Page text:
Then came a voice from Folk-might which said:  'Now were it best to send good men and deft in arms, and who know Silver-dale, from house to house, to search for foemen who may be lurking there.'

The Alderman looked kindly and sadly on him and said:

'Kinsman Stone-face, and Hall-face my son, the brunt of the battle is now over, and I am but a simple man amongst you; therefore, if ye will give me leave, I will go see this poor kinswoman of ours, and comfort her.'

They bade him go:  so he sheathed his sword, and went through the press with two men of the Steer toward the southern road; for the Bride had been brought into a house nigh the corner of the Market-place.

But Face-of-god looked after his father as he went, and remembrance of past days came upon him, and such a storm of grief swept over him, as he thought of the Bride lying pale and bleeding and brought anigh to her death, that he put his hands to his face and wept as a child that will not be comforted; nor had he any shame of all those bystanders, who in sooth were men good and kindly, and had no shame of his grief or marvelled at it, for indeed their own hearts were sore for their lovely kinswoman, and many of them also wept with Face-of-god.  But the Sun-beam stood by and looked on her betrothed, and she thought many things of the Bride, and was sorry, albeit no tears came into her eyes; then she looked askance at Folk-might and trembled; but he said coldly, and in a loud voice:

'Needs must we search the houses for the lurking felons, or many a man will yet be murdered.  Let Wood-wicked lead a band of men at once from house to house.'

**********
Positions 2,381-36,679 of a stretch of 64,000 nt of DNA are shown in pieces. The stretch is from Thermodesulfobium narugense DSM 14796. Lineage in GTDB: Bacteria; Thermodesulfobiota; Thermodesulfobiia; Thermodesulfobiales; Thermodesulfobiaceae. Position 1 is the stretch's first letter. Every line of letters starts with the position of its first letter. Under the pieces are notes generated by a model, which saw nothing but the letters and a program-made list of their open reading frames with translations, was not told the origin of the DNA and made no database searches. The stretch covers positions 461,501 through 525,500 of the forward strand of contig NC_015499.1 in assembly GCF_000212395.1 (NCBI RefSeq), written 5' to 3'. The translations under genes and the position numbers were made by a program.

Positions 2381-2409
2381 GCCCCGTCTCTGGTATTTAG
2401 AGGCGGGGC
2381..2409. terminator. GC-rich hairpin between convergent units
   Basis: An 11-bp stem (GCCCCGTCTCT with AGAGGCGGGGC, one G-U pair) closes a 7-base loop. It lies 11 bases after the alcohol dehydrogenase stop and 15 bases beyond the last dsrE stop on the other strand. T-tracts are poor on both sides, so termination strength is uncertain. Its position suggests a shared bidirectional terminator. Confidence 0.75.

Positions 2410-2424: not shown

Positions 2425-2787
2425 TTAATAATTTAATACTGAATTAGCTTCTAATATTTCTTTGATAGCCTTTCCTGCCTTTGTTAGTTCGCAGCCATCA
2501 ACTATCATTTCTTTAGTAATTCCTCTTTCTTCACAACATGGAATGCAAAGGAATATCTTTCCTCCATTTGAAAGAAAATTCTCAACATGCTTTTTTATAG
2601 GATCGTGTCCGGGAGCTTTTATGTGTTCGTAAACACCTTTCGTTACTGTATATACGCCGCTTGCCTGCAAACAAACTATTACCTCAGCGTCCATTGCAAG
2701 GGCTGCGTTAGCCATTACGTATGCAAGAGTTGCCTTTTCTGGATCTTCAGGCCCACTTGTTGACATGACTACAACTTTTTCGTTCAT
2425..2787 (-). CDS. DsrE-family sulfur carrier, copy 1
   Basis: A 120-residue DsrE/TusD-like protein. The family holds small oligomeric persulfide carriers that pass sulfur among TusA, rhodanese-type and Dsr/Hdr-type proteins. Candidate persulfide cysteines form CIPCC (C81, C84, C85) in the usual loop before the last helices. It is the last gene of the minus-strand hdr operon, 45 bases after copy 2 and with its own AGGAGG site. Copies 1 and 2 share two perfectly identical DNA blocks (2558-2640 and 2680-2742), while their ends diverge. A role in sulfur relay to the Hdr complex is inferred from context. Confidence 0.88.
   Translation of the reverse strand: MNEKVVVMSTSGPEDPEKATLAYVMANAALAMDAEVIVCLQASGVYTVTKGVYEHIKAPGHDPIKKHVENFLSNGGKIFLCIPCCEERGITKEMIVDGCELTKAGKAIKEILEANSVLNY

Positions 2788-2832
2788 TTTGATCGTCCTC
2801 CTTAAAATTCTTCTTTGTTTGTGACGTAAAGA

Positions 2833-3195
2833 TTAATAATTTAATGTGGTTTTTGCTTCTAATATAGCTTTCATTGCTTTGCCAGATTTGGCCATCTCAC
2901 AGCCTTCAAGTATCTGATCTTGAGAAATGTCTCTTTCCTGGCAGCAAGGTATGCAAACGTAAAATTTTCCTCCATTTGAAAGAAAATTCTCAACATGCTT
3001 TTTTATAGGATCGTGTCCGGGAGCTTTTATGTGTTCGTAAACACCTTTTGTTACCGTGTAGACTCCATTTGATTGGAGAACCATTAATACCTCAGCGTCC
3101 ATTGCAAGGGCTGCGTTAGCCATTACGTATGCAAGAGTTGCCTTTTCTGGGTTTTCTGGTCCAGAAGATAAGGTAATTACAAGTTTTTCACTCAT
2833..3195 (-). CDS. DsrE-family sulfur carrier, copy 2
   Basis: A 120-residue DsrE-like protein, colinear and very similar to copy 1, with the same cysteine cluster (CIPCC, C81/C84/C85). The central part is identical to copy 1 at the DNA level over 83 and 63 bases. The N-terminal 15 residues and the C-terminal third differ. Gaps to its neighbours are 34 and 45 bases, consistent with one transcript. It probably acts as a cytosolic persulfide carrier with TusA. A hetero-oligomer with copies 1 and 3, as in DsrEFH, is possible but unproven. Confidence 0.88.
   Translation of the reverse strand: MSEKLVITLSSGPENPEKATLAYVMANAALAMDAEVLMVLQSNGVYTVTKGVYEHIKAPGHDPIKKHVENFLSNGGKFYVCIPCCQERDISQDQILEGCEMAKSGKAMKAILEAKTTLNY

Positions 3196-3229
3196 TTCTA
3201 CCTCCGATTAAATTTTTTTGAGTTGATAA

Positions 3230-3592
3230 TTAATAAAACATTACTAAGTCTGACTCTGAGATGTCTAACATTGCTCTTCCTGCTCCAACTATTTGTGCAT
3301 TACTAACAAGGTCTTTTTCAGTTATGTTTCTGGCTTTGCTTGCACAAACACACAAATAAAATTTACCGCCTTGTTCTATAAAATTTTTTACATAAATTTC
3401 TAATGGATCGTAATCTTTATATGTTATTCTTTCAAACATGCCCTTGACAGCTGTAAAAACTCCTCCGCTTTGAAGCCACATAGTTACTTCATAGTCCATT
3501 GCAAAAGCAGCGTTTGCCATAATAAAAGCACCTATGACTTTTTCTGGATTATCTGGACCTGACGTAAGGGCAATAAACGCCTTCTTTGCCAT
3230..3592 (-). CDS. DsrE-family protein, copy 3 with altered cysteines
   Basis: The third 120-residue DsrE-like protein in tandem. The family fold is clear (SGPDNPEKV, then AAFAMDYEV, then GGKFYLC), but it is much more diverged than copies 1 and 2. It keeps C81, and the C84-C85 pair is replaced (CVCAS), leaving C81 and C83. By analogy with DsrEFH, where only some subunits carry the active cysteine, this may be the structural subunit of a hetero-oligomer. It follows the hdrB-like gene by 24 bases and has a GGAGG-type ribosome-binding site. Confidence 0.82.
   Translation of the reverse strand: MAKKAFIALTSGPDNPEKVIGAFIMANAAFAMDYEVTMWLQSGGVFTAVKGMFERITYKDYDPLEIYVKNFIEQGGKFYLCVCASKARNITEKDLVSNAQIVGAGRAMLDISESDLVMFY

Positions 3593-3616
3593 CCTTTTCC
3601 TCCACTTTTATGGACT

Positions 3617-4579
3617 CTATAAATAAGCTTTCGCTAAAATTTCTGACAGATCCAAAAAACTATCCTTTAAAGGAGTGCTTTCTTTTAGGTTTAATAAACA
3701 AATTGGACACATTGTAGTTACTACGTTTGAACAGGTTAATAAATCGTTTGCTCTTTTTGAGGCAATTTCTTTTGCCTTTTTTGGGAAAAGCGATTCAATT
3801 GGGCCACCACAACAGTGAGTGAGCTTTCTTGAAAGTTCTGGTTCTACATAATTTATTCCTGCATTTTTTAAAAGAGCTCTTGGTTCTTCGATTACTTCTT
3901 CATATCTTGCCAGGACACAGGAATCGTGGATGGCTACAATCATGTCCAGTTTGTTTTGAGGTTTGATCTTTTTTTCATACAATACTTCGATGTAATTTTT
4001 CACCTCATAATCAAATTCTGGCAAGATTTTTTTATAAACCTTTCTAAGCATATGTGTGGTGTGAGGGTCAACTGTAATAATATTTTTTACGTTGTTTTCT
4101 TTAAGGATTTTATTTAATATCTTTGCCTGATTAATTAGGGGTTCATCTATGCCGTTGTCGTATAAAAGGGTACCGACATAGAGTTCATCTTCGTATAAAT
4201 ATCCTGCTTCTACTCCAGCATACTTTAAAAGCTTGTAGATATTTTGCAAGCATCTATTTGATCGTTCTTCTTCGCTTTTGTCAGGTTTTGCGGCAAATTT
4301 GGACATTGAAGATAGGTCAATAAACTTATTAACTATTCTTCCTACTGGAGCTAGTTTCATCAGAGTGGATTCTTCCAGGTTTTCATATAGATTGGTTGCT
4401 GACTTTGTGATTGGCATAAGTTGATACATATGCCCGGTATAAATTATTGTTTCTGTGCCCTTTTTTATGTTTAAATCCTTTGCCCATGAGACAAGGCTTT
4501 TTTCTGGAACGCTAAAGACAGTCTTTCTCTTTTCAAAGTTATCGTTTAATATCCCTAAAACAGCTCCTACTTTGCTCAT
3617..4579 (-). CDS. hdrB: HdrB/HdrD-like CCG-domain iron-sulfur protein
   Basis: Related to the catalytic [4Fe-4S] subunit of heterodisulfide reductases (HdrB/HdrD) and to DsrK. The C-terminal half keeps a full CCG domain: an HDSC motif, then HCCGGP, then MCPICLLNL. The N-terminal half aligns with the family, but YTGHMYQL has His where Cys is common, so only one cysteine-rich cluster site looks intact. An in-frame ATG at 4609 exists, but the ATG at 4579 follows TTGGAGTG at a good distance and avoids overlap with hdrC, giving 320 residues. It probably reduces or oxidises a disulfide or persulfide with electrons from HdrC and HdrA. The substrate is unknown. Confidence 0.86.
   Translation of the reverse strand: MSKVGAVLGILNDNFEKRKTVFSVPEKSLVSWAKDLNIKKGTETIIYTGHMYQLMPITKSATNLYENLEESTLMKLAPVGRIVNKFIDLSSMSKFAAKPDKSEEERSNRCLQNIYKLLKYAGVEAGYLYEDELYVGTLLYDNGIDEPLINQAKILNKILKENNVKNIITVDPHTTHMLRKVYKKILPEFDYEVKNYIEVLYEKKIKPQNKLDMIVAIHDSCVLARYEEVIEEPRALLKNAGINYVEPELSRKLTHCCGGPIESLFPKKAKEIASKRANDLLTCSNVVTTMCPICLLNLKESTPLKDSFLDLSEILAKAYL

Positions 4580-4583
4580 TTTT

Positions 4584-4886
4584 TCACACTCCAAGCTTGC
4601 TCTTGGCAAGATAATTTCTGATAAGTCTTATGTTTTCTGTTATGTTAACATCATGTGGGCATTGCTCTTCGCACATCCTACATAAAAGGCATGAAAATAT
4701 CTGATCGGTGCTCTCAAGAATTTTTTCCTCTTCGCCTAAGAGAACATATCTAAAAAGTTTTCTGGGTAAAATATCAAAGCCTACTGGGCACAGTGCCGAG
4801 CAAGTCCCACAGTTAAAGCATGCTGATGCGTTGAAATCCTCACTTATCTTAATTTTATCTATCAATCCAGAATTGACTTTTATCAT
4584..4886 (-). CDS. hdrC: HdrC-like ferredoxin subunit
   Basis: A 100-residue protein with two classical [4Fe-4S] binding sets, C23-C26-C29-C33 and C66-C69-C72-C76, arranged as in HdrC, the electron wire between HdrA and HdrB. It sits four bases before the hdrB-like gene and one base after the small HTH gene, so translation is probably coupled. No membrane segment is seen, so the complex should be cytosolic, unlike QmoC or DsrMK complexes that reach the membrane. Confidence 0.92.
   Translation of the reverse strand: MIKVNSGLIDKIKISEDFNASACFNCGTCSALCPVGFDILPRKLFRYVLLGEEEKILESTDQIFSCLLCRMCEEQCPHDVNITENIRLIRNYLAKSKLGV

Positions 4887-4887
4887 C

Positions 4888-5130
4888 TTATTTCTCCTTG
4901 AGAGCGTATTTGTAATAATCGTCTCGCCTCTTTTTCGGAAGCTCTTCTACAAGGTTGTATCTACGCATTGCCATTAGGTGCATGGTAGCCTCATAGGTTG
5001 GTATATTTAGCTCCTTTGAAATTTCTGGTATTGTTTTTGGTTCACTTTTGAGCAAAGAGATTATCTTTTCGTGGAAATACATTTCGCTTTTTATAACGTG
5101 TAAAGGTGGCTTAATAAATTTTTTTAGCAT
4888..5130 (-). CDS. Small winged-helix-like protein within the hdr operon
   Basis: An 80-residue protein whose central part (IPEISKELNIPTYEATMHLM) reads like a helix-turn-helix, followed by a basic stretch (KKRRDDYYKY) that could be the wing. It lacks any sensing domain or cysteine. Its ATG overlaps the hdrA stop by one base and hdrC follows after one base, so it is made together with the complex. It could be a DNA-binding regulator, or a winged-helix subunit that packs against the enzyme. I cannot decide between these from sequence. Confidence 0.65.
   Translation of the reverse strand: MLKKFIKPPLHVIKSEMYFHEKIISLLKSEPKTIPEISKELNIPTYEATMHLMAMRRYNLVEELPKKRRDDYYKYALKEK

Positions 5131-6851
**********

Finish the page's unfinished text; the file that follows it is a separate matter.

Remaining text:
Then said a man of the Wolf hight Hardgrip:  'Wood-wicked was slain betwixt the bent and the houses.'

Said Folk-might:  'Let it be Wood-wise then.'

But Bow-may said:  'Wood-wise is even now hurt in the leg by a wounded felon, and may not go afoot.'

Then said Folk-might:  'Is Crow the Shaft-speeder anigh?'

'Yea, here am I,' quoth a tall man of fifty winters, coming from out the ranks where stood the Wolves.

Said Folk-might:  'Kinsman Crow, do thou take two score and ten of doughty men who are not too hot-headed, and search every house about the Market-place; but if ye come on any house that makes a stout defence, send ye word thereof to the Mote-house, where we will presently be, and we shall send you help.  Slay every felon that ye fall in with; but if ye find in the houses any of the poor folk crouching and afraid, comfort their hearts all ye may, and tell them that now is life come to them.'

So Crow fell to getting his band together, and presently departed with them on his errand.

Next: Chapter XLVII. The Kindreds Win the Mote-House